LONDON AstraZeneca's (AZN.L) new CEO Pascal Soriot needs to take risks if he is to replicate the kind of turnaround pulled off by Bristol-Myers Squibb (BMY.N) - another drugmaker down in the dumps a few years ago.
The former Roche ROG.VX executive is preparing to invest in deals and fast-track some research projects, but given the group's poor track record in finding winners, he will also have to work hard to keep shareholders on side.
AstraZeneca's credibility gap was in the spotlight again on Thursday when it reported disappointing results with a new drug for rheumatoid arthritis, licensed from Rigel Pharmaceuticals (RIGL.O) in 2010.
Yet Soriot will have to take more such gambles.
His decision to suspend share buybacks on his first day in the job in October immediately prompted speculation of larger acquisitions. More recently, he has been fleshing out his ideas for a bolder approach in meetings with investors.
The prescription for returning AstraZeneca to health includes re-focusing its marketing operations, accelerating certain in-house drug projects and taking a wider look at deal-making to refill the company's sparse new drug pipeline.
It is a significant, albeit evolutionary, change of tack for Britain's second-biggest drugmaker, which has so far responded to one of the industry's steepest patent "cliffs" - when patents expire and its drugs face generic competition - by slashing costs, limiting risk-taking and targeting near-term cash.
A smarter approach to selling is likely to be applauded by shareholders, who feel the group has not shown its true potential as a marketing machine recently.
Embarking on major acquisitions is another matter.
"We are supportive of Pascal and the new management team, but I would say that there are some amber warning signs out there," said Nick Kirrage, portfolio manager at Schroders, one of the 10 largest AstraZeneca shareholders.
"One of the things we value about Astra is its balance sheet strength ... I wouldn't want to see them give that up for a deal that would expose them to even more risk."
Kirrage would need to see "a good justification" for not reinstating the share buyback program, which reached $2.3 billion in the first nine months of 2012 out of an initial target of $4.5 billion.
AstraZeneca has already picked up its pace of deal-making in 2012, and Soriot is expected to do more, following the lead set by Bristol, which has used what it calls a "string of pearls" strategy to boost revenue through small or mid-sized purchases.
Soriot, who has so far made few comments in public about the company's future, will give the "top-line" results of a strategic review when he presents 2012 results on January 31, with more details to follow at a capital markets day in March.
His first priority is to jump-start sales of heart drug Brilinta, after a poor start. That means more focus on interventional cardiologists and, potentially, a future tie-up with another company to help boost international sales.
An obvious partner would be Bristol, given existing ties between the two firms in diabetes, though Bristol's sales force is pre-occupied for now with launching anticoagulant Eliquis.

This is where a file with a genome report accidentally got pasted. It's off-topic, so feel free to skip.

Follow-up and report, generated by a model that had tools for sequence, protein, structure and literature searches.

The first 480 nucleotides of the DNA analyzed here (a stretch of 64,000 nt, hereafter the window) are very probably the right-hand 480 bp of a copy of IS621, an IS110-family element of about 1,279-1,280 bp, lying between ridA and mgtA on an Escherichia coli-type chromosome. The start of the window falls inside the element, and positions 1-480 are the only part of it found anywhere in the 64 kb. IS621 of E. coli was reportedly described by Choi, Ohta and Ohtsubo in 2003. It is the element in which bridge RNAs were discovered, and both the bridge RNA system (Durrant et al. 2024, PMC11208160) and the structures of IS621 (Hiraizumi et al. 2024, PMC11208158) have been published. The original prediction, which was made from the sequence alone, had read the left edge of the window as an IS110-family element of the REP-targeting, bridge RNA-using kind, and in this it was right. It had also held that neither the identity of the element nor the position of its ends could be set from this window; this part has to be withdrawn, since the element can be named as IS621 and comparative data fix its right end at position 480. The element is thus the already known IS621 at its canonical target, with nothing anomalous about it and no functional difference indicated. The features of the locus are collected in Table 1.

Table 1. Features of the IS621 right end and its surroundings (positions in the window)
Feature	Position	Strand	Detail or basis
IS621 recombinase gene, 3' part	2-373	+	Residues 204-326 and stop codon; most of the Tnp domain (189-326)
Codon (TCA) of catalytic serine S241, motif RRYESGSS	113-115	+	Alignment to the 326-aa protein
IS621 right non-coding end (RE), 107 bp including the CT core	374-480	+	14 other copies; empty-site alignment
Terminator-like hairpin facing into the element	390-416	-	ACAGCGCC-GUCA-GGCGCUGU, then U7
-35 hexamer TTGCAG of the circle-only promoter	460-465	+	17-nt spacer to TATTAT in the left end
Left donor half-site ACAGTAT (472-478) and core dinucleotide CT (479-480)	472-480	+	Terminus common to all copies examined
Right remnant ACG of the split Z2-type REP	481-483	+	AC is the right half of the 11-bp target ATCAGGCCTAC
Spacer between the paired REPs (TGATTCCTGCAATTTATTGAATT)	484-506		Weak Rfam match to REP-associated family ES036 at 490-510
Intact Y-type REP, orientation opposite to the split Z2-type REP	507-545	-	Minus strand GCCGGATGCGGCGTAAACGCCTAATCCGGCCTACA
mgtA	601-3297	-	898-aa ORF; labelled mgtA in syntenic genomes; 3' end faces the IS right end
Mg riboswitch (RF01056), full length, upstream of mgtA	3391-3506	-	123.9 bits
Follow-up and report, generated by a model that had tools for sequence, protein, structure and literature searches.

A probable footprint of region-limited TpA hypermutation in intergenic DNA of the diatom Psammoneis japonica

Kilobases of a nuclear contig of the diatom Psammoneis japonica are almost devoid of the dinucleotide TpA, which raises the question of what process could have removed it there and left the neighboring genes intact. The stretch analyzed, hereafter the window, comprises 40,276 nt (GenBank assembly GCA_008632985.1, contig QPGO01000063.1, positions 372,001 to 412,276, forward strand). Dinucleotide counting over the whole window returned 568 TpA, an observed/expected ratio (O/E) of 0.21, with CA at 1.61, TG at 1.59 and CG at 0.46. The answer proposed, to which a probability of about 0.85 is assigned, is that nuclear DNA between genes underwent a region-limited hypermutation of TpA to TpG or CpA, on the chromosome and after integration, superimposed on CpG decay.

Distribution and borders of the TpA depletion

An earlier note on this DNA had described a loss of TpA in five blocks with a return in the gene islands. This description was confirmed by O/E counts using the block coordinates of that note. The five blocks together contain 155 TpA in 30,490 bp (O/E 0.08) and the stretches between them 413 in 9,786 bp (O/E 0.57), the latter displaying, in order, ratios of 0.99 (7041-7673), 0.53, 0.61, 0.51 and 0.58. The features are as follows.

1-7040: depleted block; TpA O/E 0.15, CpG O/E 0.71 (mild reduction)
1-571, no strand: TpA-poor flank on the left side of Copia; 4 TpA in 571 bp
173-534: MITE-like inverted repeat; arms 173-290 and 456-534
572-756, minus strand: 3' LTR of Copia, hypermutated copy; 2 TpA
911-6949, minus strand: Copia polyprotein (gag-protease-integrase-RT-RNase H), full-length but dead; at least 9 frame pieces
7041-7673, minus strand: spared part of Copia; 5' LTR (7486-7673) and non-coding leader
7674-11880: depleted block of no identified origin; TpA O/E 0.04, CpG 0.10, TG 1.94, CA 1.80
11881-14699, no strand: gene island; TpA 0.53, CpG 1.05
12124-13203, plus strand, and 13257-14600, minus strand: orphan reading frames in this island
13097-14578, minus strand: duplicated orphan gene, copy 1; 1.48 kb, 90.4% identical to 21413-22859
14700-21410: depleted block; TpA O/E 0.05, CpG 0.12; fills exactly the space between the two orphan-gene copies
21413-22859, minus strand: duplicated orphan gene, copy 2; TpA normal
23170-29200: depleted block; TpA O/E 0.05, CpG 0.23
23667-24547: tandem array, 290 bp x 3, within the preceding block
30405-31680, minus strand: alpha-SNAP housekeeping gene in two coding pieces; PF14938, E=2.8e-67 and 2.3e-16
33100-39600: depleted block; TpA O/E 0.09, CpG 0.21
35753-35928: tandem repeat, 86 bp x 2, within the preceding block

Beyond Brilinta, Soriot said during a third-quarter earnings call that he wanted to "turbo-boost" growth in diabetes and emerging markets - two other key platforms of the business.
Existing in-house research projects are also likely to get a boost, after a highly conservative period that has led to frustration among some research staff that promising new treatments are being held back by excessive caution.
A number of biotech products from the MedImmune division - including drugs for lung disorders, cancer and lupus - are potential candidates for faster progression into final-stage Phase III studies, along with the cancer drug olaparib.
But the biggest - and riskiest - lever Soriot has to pull is acquisitions.
Citigroup analysts expect deals in the $10 billion to $20 billion range, which they argue will be needed to help fill an estimated $3.5 billion "gap" in operating profit between 2012 and 2017 as key drug patents expire.
"We do think there are good opportunities out there for him to do some bolt-ons as well as focus on products," said another institutional investor ranking among AstraZeneca's 20 largest holders.
The company is not alone in facing big patent losses, but while rivals like GlaxoSmithKline (GSK.L), Sanofi (SASY.PA) and Bristol have now put the worst behind them, AstraZeneca's has the worst to come; its two biggest selling drugs - Nexium for stomach acid and cholesterol fighter Crestor - will lose U.S. protection in 2014 and 2016.
Getting mid-sized buys right will be a big challenge, given the perception that AstraZeneca destroyed value when it bought MedImmune for $15 billion in 2007 - a pricey deal that brought in few products to replenish the sales line.
The short-term impact of the new approach is also likely to be negative for earnings, as cost savings are reinvested and buybacks are de-emphasized over acquisitions, according to Deutsche Bank.
The brokerage last week cut its forecast for 2013 earnings per share by 6 percent and reduced estimates for 2014-16 by 9-13 percent, even though it now expects higher sales in some areas.
AstraZeneca's dividend, however, remains sacrosanct, according to Soriot and Chairman Leif Johansson, who have both committed to stable or improving payouts. With a yield of 6 percent - the top of the range for Big Pharma stocks - the dividend is a key factor underpinning the shares, which trade on less than eight times this year's expected earnings.
(Editing by Will Waterman)